Bazaar India: Markets, Society, and the Colonial State in Gangetic Bihar
Yang, Anand A.
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Book ID : 1211
ISBN-10 : 81-215-0926-2 / 8121509262
ISBN-13 : 978-81-215-0926-8 / 9788121509268
of Publication :
of Publication :
Edition : (First Indian Edition)
Language : English
290p., 6 B/W Illus., 3 Maps, 25 cm.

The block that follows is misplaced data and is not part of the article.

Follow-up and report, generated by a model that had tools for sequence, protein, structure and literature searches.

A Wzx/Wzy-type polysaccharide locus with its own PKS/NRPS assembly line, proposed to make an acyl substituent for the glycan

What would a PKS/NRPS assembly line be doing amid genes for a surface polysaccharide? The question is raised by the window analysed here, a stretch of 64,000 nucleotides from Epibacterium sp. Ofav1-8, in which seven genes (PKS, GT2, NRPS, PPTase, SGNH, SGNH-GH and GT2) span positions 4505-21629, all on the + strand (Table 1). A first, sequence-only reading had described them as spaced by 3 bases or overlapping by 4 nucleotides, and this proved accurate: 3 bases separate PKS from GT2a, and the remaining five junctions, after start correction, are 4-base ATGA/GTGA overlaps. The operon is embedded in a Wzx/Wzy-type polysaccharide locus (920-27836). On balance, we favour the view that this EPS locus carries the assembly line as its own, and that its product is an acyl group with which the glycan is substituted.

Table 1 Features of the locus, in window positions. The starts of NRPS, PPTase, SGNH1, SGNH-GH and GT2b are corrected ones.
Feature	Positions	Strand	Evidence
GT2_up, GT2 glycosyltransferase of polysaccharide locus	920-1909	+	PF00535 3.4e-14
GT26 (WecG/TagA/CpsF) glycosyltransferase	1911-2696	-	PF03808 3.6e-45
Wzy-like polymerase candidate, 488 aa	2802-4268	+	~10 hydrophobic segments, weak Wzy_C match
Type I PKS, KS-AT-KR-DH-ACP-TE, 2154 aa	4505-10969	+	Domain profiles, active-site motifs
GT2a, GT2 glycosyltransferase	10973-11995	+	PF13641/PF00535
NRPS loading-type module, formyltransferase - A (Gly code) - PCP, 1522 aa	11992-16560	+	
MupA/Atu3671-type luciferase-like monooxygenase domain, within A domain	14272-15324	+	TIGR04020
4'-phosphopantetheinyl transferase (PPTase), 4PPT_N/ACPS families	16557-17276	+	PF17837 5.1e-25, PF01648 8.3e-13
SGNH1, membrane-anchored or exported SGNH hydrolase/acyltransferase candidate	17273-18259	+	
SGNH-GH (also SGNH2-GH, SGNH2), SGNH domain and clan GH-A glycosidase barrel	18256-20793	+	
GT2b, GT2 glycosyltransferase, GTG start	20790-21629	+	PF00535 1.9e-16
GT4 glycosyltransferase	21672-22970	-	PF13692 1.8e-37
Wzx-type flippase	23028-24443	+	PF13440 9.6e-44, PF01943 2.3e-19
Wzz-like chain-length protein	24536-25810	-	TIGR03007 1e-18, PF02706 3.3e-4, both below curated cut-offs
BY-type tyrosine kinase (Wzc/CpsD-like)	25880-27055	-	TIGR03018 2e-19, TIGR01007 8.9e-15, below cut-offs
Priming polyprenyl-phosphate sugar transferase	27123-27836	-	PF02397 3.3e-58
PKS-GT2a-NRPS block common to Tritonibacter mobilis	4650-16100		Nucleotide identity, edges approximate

The present edition of the writings of the late Indrani Ray has been planned around certain identifiable factors that determined India's changing tryst with the Indian Ocean in the late seventeenth and eighteenth centuries. While the protagonist in these writings is the Indian merchant, the biographer is the French East India Company's Official. Using a wide array of French sources, the author reconstructed the changing world of the Indian merchant as he rubbed shoulders with the European trading companies in the palmy decades of the seventeenth century and retreated into his shell in the turbulent decades of the eighteenth. Taken together, these essays underscore both the prosperity and vitality of Indian trade in the seventeenth century as well as its inherent fragility in the face of political uncertainty and unrestrained competition in the succeeding years. The conclusions arrived at, tend to reinforce some of the better known propositions about the nature and orientation of pre-modern Indian trade and the making of its material context. Individually, the essays constitute important interventions in ongoing debates about the extent and logic of Mughal decline, the benevolence of the Mughal state towards matters maritime and about the relative importance of European trade vis-à-vis Asian trade in the economy of eighteenth century Bengal. The Introduction attempts to identify these interventions and knit the essays around the current debates on the eighteenth century crisis in Indian history. The introduction, will help to situate the relevance of the French connection in the complex trading grid of the Indian Ocean. The fact that the French were the most serious rivals of the English for empire and very nearly succeeded in the imperial game is often obscured in the flush of English victories. In terms of the historiography on maritime India, this has meant a subtle neglect of French language sources in the reconstruction of the trading world of the Indian merchant and seafarer. That this omission is entirely unwarranted is amply borne out by Indrani Ray's analysis of French archival sources and documents like the Roques' manuscript, which in terms of both range and detail is of enduring value.